In case you were wondering, Microsoft thinks the battle of open source vs. proprietary software is basically over.
"Today, but increasingly in the future, we are all going to be 'mixed source'," Microsoft's top intellectual property lawyer said in a lunchtime interview on Thursday. To bolster his claim, Horacio Gutierrez notes Microsoft is releasing plenty of stuff as open source, while open-source companies like Red Hat often license commercial software alongside their open-source products. "I actually think the war between proprietary and open source is a thing of the past," he said.
That doesn't mean Microsoft is ready to sing Kumbaya with Red Hat, or other companies that haven't made an IP deal with Redmond. While Microsoft is patient, Gutierrez indicated that Microsoft's patience is not unlimited.
"If every effort to license proves not to be fruitful, ultimately we have a responsibility to customers that have licenses and to our shareholders to ensure our intellectual property is respected," he said.
Microsoft has, on a number of occasions, asserted that Linux violates a ton of Microsoft patents, but Microsoft has never sued a company over those claims.
Gutierrez said he would like to keep that record intact, noting that the Novell deal, in particular, is an example of how working with a rival can ultimately benefit both companies.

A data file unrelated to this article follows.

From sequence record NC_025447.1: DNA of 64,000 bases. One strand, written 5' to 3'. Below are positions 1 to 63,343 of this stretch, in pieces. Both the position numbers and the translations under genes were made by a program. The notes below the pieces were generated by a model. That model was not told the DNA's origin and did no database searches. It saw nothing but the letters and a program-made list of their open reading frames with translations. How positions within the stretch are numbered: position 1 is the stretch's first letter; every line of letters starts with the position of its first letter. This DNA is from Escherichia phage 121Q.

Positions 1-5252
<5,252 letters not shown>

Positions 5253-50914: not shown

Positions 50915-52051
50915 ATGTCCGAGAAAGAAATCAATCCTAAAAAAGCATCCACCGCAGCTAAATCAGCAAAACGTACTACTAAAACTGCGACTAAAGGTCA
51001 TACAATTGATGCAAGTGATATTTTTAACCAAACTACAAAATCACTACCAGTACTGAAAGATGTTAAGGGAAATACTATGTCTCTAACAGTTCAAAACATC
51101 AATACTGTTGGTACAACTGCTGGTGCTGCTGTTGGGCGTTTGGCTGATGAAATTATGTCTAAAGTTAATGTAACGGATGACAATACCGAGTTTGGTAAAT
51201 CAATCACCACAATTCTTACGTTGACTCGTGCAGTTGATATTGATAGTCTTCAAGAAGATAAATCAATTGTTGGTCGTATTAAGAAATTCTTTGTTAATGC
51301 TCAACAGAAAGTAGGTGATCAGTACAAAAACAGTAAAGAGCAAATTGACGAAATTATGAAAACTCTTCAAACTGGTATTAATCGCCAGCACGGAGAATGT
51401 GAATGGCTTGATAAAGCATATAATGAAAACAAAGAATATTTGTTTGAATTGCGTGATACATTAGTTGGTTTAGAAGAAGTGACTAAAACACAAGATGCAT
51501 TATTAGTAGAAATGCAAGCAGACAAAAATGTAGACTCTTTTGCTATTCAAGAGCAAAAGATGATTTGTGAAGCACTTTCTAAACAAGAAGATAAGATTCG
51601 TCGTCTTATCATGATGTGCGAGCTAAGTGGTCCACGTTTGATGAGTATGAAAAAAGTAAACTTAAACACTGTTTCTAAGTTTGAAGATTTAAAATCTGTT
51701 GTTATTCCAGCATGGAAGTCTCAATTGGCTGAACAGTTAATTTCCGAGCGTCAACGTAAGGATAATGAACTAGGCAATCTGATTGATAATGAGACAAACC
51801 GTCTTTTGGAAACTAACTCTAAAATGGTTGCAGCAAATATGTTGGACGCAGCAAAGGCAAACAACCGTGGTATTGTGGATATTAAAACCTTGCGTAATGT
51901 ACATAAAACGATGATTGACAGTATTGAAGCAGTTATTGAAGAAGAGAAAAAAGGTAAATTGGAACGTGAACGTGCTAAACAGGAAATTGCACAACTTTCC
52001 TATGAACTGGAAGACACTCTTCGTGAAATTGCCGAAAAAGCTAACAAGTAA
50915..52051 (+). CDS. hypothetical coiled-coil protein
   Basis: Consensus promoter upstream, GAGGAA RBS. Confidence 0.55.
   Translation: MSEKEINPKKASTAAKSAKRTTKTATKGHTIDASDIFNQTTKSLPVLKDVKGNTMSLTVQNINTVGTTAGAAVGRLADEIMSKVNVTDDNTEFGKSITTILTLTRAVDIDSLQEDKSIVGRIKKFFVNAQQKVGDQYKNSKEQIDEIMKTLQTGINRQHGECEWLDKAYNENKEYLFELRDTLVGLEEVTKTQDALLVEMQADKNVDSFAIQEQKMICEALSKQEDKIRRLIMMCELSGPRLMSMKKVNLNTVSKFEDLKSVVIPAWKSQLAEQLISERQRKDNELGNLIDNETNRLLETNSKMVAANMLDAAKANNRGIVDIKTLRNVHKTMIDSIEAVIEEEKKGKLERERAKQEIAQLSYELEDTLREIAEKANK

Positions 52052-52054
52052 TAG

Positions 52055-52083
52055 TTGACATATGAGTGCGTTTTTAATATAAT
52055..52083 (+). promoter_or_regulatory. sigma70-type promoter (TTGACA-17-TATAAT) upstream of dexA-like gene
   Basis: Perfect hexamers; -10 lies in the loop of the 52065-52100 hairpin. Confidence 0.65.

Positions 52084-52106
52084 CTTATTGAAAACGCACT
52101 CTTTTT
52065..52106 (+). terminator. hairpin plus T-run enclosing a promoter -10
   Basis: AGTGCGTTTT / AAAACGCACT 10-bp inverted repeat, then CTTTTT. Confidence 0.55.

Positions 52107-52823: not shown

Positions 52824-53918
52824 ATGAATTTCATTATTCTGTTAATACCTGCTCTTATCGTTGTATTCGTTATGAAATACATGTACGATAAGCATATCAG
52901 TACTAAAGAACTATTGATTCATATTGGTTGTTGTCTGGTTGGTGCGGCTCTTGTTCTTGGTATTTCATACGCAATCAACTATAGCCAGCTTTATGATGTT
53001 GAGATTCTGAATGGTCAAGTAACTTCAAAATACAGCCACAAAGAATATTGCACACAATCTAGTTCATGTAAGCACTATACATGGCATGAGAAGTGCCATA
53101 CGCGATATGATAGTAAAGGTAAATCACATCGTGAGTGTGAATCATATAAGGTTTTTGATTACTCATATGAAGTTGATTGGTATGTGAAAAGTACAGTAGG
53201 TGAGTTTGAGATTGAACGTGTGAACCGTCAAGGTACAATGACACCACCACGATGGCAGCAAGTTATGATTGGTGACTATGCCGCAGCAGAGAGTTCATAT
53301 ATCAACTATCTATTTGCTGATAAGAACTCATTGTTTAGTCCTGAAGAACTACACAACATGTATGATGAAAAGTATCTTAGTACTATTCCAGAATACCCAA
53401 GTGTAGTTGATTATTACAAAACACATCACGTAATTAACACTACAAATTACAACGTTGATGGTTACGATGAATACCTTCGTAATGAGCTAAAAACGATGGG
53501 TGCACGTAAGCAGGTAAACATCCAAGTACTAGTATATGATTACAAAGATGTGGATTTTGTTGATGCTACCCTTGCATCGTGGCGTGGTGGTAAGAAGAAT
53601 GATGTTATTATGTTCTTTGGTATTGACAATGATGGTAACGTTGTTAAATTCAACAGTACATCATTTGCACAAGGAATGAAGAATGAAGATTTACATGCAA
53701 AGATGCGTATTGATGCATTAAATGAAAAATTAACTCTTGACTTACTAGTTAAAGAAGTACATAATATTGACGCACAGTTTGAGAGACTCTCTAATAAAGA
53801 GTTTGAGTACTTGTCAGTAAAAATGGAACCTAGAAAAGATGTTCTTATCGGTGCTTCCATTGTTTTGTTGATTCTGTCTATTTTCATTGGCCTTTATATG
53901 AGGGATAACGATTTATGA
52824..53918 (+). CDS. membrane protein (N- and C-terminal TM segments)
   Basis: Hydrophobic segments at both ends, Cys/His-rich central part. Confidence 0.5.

It's generally thought that if you want to kill a good technical discussion, just bring in the lawyers.
But Gutierrez notes that it's often the complete opposite. In fact, he credits Microsoft's stepped-up licensing efforts that began five years ago for having helped the company find a way to talk to rivals that it had shunned in the past.
"It is truly a business mechanism to start discussions that weren't possible before," he said.
He notes that before software patents were in widespread use, companies were reluctant to share any technical details, jealously guarding all their know-how as trade secrets--another form of intellectual property protection that largely requires information to be kept confidential.
Patents remain a double-edged sword for Microsoft, however. Gutierrez said the company is defending about 50 patent cases at the moment--half of all the company's litigation docket.
While some are high-profile cases such as the disputes with Alcatel-Lucent, most are with companies that don't actually make goods related to the patents they hold.
In an effort to help head off patent disputes, Microsoft is an investor in Nathan Myrhvold's patent-buying Intellectual Ventures effort and has also made deals with several other such patent companies. "We've done deals with a number of others," Gutierrez said.
On the positive side, though, are deals like the Novell one, Gutierrez said. In the end, Novell has grown its business, Microsoft got added revenue and customers end up with products that work better together. Gutierrez wouldn't name names, but he said to expect more deals along the lines of the ones Microsoft struck with Novell and Sun Microsystems.
"We have tasted the opportunity to put IP to work in a very constructive way that leads to better products and more satisfied customers," he said.